This project should demonstrate the students’ ability to work not only to a ‘brief’, but also demonstrate their capacity to become the author(s) of their own ‘brief.’ Working with the careful guidance of a Tutor, students should establish the parameters and challenges of this project, and its potential contribution in economic, social or environmental terms. 

Students can also choose to work with students from other Programmes to realise your final project. For instance, you might chose to work with designers from the Schools of Communications or Architecture, or the Innovation Design Engineering or Intelligent Mobility Programmes to develop and integrated service experience which combines different design disciplines. However, students are assessed on the service design and service system they have created and their integrative capability, not as a group or collaborative project. In such cases, the role and work undertaken by the Service Design MA student must be clear for the purposes of assessment. 

The final review will be the examination of the work as part of the overall MA assessment. In this way, each student’s independence, personal learning achievement, and creativity are tested. 

Critical & Historical Studies

The RCA provides a unique environment for postgraduate art and design students to reflect upon their own practice, and to engage with students from their own and other disciplines. The role of Critical & Historical Studies (CHS) is to support the studio programmes in enabling these critical engagements to take place. The courses offered by CHS to first year studio-based MA students propose an intellectual framework within which they can begin to establish a coherent relationship between theory and practice.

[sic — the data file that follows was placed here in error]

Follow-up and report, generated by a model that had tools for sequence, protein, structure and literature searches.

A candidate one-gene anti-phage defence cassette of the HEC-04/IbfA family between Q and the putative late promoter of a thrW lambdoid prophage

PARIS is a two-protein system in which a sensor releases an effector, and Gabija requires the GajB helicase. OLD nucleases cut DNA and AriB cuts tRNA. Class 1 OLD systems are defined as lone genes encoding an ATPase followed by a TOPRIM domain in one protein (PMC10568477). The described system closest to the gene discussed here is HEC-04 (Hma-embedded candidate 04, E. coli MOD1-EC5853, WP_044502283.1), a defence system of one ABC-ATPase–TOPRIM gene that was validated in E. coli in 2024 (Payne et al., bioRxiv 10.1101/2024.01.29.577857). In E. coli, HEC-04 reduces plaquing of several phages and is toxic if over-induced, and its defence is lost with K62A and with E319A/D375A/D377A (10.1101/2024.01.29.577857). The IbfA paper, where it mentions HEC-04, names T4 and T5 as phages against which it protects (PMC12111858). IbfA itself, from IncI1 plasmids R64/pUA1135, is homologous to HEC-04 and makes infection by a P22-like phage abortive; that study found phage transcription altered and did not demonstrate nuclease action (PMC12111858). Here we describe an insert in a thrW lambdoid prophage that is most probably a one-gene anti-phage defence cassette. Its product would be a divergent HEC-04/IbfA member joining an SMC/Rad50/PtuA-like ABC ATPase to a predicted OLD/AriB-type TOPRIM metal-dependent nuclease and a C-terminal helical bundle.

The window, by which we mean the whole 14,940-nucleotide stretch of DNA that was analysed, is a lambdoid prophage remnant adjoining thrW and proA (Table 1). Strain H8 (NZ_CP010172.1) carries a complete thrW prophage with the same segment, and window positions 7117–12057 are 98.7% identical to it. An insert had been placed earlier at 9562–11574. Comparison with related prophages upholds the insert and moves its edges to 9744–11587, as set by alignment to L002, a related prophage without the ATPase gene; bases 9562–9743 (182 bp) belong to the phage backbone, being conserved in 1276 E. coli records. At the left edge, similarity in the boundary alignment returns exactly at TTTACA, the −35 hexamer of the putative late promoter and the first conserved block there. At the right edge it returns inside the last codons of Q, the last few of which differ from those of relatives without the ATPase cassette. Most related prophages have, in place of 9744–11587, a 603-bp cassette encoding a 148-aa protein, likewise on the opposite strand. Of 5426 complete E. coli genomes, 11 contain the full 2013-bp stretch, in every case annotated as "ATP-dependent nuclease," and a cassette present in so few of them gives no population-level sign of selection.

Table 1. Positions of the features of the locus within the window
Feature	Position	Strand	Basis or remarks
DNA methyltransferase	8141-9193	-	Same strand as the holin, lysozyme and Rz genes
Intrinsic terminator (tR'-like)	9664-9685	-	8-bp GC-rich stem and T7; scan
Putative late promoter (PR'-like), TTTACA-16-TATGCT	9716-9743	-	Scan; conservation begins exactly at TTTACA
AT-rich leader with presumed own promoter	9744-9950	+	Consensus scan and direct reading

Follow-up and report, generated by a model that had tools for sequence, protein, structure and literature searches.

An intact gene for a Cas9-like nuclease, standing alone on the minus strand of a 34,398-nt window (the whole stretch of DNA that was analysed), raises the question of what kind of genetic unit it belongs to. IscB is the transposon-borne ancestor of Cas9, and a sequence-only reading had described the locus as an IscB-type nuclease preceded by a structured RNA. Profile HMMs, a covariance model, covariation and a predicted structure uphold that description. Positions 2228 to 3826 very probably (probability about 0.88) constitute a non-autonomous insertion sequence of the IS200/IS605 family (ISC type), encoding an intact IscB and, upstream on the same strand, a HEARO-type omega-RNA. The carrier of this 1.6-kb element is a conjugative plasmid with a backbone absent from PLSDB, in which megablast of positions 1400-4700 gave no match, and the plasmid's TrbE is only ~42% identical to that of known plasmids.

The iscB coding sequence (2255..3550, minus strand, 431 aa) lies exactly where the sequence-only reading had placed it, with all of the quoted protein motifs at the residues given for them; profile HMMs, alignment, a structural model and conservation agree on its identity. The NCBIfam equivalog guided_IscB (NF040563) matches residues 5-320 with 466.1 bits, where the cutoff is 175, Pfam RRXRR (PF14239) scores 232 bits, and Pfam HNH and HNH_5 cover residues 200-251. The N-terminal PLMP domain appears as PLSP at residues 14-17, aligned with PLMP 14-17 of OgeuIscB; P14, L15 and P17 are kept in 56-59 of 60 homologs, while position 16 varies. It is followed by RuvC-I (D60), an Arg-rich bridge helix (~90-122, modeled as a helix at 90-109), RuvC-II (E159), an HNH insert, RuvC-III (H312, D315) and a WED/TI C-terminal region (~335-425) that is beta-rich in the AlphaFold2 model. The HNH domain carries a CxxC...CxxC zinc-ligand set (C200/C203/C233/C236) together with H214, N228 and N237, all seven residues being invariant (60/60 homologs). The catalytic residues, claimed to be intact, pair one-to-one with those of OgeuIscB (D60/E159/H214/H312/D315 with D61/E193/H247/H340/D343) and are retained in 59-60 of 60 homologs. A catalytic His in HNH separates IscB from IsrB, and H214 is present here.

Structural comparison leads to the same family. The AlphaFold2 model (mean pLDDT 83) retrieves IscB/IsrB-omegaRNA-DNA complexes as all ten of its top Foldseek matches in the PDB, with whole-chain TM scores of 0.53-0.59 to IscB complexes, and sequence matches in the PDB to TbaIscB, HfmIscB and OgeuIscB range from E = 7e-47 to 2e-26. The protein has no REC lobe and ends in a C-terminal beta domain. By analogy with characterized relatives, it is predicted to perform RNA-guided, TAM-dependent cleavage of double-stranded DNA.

In the autumn and spring terms there are a series of College-wide seminars and lectures. The autumn term series will relate to your particular discipline (though it is possible to elect to join a series being offered to students on other programmes) whereas the spring term series will be more broad-based and cross-disciplinary in nature.

In the spring and summer terms, a CHS tutor will give you individual tutorials to support the development of a dissertation which is submitted *at the end of the Summer Term.* The dissertation should be between 6,000–10,000 words in length – this is a major piece of work and you will be not be able to submit for the Final Examination until you have passed this assessment.